Alfred Schnittke CD Review
Alfred Schnittke Z6707
String Quartets No. 2 and No. 3
Piano Quintet (with Gary Graffman)
Alfred Schnittke: String Quartets Nos. 2 and 3; Piano Quintet
with Gary Graffman, piano
****As a grittier alternative to Kronos’ Schnittke, the Lark Quartet has also recorded two of the composer’s quartets, the Second and the Third, as well as the eerie, gloom-tinged Piano Quintet. This is a young, fearless ensemble that takes an aggressive approach to contemporary music-the Lark premiered Aaron Jay Kernis’ Pulitzer Prize-winning String Quartet No.2-and its performances here are unlike those of Kronos, but similarly revelatory. Both pieces, as well as the elegiac Piano Quintet, are played with plenty of tonal depth and verve.
San Francisco Chronicle-July 1998
We have the Lark and Kronos String Quartets to thank for new recordings of music by Alfred Schnittke, who died this summer. (The Piano Quintet) is played with poignancy on the Lark Quartet’s recording, a disc that imbues the Quartets Nos. 2 and 3 with lyrical strivings. For the Quintet, Curtis Institute director Gary Graffman makes and agile and thoughtful keyboard guest.
The Philadelphia Inquirer-September 1998
The already impressive list of fine musicians who’ve recorded the music of Alfred Schnittke is extended yet again by this new release from the four women of the Lark Quartet. This dedicated, dynamic ensemble explores the composer’s music in its characteristically elegiac mood. It gets to grips with the popular Third Quartet, explores its less well-known predecessor, and with pianist Gary Graffman delivers a refined reading of the Piano Quintet. The Lark succeeds masterfully.
BBC Music Magazine-October 1998
The all-female Lark Quartet has issued a disc coupling (Schnittke’s) 2nd and 3rd quartets with the piano quintet. The Moscow String Quartet has paired the same quintet with Shostakovich …the Kronos Quartet has taken on all of Schnittke’s chamber work….
The Lark Quartet disc is a hands-down winner on every count. The quartet’s tone is warm and rich, handsomely accommodating Schnittke’s references to tradition. Yet, where coloristic effect is called for, the Lark goes for the throat, rendering each phrase with gripping power and utmost control. The performance of the Quintet is likewise intense…the result is ethereal and powerful in equal measure.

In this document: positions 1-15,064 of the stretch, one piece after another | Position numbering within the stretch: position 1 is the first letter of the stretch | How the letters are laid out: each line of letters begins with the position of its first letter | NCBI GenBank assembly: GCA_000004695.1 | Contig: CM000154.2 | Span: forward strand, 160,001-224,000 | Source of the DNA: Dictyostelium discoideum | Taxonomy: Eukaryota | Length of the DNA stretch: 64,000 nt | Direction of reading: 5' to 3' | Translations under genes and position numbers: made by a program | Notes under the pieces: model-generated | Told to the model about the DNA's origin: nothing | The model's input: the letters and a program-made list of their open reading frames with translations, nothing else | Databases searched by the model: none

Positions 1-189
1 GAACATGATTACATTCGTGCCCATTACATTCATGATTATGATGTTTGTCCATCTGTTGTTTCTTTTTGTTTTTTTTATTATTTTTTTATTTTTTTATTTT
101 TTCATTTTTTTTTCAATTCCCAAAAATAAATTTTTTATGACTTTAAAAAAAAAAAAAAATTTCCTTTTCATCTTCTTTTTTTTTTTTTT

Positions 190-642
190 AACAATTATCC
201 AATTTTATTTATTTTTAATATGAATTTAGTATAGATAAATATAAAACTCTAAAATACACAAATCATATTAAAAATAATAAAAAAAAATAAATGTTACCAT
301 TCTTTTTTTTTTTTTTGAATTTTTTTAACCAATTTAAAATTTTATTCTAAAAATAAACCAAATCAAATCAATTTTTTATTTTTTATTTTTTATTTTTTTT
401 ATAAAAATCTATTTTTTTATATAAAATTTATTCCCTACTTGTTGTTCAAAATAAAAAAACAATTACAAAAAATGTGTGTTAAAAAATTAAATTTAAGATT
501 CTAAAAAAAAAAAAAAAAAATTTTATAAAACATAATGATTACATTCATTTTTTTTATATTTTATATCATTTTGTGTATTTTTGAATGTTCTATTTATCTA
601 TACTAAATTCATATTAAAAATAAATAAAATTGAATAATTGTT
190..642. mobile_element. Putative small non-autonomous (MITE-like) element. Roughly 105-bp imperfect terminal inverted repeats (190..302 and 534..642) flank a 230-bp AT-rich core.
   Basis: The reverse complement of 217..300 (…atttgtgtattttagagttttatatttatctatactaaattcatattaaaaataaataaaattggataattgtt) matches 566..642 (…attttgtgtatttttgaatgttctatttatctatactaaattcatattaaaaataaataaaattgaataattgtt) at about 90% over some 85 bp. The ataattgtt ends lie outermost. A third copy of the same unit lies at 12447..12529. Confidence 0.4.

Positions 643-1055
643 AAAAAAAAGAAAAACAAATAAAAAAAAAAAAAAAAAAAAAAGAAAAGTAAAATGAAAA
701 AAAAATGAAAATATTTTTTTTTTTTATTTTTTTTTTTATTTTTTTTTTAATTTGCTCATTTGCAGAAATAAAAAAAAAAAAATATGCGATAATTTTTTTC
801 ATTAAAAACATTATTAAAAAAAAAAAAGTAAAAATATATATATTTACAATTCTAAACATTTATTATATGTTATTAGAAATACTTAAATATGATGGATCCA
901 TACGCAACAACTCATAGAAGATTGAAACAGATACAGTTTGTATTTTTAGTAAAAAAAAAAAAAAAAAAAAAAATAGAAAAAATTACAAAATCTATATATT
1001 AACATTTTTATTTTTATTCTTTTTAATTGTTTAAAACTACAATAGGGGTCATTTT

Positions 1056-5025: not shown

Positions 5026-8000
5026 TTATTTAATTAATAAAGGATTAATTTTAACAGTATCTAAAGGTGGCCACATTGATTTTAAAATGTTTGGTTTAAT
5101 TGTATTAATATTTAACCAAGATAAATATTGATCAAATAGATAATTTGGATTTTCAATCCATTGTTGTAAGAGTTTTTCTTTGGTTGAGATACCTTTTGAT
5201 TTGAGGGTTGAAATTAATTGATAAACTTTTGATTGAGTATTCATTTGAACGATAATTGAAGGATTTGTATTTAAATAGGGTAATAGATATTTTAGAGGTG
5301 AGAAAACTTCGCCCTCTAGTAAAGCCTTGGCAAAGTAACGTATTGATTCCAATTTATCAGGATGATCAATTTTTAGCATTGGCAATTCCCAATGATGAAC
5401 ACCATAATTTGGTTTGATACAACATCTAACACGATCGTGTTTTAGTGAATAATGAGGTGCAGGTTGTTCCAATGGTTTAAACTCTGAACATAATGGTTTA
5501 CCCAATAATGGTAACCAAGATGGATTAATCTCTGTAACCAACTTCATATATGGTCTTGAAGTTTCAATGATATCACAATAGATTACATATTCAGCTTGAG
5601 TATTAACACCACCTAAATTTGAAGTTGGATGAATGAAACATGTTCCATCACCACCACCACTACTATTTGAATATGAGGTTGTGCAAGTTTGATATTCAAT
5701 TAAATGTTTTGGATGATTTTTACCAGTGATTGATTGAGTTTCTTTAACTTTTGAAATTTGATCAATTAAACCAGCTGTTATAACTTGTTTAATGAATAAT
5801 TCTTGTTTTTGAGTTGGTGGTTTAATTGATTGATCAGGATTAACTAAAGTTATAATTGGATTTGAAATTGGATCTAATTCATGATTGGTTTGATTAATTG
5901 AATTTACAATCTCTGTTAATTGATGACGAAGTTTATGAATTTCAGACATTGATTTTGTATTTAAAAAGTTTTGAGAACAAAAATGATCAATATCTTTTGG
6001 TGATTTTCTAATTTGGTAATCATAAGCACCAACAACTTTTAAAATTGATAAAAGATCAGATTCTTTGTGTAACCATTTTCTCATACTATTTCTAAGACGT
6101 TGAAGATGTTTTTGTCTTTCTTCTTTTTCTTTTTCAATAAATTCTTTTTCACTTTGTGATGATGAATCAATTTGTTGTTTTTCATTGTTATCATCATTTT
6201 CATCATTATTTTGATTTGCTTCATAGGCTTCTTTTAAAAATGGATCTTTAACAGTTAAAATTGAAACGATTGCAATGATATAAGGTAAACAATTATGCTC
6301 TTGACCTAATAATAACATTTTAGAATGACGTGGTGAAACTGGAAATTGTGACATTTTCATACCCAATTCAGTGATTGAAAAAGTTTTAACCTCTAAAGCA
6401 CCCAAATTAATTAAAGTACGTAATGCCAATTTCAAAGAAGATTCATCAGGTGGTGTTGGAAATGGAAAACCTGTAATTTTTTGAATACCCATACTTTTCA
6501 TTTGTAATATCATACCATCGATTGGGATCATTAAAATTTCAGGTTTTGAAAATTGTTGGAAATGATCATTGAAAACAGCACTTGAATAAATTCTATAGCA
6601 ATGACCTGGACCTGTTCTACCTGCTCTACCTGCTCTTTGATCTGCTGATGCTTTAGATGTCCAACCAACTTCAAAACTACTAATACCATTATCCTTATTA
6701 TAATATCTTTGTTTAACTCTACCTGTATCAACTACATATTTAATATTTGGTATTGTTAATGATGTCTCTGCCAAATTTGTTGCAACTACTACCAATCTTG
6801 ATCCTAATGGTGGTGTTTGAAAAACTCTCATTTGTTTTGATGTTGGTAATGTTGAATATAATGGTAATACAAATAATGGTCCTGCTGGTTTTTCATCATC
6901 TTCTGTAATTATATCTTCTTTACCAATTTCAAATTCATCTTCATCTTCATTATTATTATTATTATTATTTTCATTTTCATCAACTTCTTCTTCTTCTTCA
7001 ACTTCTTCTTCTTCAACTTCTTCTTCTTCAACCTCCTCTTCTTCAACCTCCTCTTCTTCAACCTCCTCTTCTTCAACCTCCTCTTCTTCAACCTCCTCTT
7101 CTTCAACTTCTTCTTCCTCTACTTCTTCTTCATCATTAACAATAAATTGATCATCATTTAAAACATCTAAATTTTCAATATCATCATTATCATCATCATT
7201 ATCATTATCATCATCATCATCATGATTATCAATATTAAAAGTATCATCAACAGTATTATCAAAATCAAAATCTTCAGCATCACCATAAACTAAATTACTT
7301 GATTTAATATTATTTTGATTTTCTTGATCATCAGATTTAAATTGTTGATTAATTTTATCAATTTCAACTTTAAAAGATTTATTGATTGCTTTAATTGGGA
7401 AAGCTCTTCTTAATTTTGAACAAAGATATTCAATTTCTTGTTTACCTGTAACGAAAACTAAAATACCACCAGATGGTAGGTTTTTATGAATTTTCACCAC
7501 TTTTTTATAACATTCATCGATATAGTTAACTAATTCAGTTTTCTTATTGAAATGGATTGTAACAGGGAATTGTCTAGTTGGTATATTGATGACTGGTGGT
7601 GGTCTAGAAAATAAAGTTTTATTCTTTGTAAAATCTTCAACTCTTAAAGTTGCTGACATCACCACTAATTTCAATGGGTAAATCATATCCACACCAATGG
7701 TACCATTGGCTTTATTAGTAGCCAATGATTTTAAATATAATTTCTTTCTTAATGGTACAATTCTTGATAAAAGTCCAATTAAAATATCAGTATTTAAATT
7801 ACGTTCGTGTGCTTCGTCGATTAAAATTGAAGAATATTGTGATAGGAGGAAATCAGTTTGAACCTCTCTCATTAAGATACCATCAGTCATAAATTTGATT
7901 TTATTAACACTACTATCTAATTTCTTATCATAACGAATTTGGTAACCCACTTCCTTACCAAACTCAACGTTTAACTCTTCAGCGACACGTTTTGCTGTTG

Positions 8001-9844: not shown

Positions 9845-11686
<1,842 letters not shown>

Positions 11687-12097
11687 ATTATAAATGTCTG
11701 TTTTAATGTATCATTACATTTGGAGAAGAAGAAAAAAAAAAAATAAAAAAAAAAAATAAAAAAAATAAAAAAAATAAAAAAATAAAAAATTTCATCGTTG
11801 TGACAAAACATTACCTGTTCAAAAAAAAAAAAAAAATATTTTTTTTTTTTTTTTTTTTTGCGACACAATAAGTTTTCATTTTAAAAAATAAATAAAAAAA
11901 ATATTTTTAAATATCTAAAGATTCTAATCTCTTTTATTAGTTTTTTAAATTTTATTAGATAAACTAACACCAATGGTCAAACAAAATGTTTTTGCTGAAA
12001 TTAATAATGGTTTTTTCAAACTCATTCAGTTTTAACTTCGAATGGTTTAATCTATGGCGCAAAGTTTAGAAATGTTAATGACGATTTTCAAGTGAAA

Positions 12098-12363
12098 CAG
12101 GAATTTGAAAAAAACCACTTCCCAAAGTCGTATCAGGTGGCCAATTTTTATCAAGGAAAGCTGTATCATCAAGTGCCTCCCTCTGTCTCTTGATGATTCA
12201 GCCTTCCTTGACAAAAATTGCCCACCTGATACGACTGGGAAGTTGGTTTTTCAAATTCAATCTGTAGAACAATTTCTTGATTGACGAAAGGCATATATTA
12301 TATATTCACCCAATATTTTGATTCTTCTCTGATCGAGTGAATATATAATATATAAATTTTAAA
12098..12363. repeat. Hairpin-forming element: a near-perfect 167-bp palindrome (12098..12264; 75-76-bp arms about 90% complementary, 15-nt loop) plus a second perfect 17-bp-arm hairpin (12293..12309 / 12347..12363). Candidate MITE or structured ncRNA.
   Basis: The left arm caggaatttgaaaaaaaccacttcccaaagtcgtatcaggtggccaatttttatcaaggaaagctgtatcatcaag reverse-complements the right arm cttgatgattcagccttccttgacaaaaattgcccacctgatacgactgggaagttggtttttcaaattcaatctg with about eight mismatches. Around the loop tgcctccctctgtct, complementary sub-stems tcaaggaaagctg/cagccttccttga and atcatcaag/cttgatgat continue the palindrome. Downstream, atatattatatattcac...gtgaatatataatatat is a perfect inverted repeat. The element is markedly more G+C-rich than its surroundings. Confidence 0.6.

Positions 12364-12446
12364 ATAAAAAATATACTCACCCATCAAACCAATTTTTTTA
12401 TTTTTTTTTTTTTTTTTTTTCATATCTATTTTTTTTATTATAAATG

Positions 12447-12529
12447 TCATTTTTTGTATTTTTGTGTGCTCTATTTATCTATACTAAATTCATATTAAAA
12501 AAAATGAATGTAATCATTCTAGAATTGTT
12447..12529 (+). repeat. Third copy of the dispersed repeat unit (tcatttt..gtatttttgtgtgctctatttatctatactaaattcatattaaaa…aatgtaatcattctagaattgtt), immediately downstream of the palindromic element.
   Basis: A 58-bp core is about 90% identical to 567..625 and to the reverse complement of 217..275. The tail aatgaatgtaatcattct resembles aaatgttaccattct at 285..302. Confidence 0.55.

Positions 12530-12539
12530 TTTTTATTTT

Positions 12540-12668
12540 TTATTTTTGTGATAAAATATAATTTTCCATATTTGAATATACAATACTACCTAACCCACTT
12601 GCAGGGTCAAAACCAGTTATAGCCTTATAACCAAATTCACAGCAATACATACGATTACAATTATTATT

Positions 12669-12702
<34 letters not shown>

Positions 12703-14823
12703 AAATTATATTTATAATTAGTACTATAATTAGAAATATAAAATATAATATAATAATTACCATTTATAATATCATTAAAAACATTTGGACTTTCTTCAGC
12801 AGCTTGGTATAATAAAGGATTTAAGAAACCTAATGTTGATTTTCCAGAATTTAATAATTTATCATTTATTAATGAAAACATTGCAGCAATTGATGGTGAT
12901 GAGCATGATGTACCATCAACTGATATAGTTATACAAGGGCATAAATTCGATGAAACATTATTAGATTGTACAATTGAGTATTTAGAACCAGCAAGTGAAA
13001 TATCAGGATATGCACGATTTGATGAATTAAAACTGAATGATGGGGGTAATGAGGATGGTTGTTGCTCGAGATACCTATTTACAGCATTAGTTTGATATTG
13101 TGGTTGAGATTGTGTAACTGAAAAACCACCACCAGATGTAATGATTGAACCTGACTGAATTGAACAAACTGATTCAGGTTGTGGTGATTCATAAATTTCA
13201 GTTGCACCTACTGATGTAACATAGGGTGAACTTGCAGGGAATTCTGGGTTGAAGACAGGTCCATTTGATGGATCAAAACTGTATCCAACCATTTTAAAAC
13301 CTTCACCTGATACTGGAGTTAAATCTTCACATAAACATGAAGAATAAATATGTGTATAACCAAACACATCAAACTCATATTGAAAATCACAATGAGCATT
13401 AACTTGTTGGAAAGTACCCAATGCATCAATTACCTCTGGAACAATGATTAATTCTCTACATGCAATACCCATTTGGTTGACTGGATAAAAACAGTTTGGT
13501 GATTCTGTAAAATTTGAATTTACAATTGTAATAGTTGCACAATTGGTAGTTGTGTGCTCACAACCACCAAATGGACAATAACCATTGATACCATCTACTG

Tucson Citizen-August 1998
The young, American, all-female Lark Quartet have been gathering prizes and critical encomia over the past ten years or so, and these sensitively prepared performances of three of Schnittke’s most memorable chamber pieces shows just why. I’m pretty sure I’ve not heard a better focused or more full-blooded account of the Second Quartet, nor one which held my attention more consistently. In the Third Quartet, where Schnittke distils his existential Angst into a more cogent and moving structure, The Lark have nothing to fear from comparison with the Borodin Quartet…”
Coincidental with Schnittke’s death comes the release of several recordings…, among them the Kronos Quartet’s traversal of his chamber works, two new recordings of his Piano Quintet, the Lark Quartet’s rip-snorting account of his String Quartets Nos. 2 and 3 and the Bolshoi Theatre’s spirited recording of his ballet Esquisses. As might be expected, the Kronos traversal of the quartets has a distinct personality to it. The surprise is how much better the Lark Quartet plays the Quartets 2 and 3. The first thing one notices is the richness and warmth of the Lark’s ensemble sound. What comes as such a shock is how much more expressive and colorful the Lark makes each work. From both a sonic and interpretive standpoint, the Lark’s reading of the Piano Quintet outdistances that of the Moscow String Quartet. The Lark, by contrast, lets rip the full range, from the ethereal to the bombastic.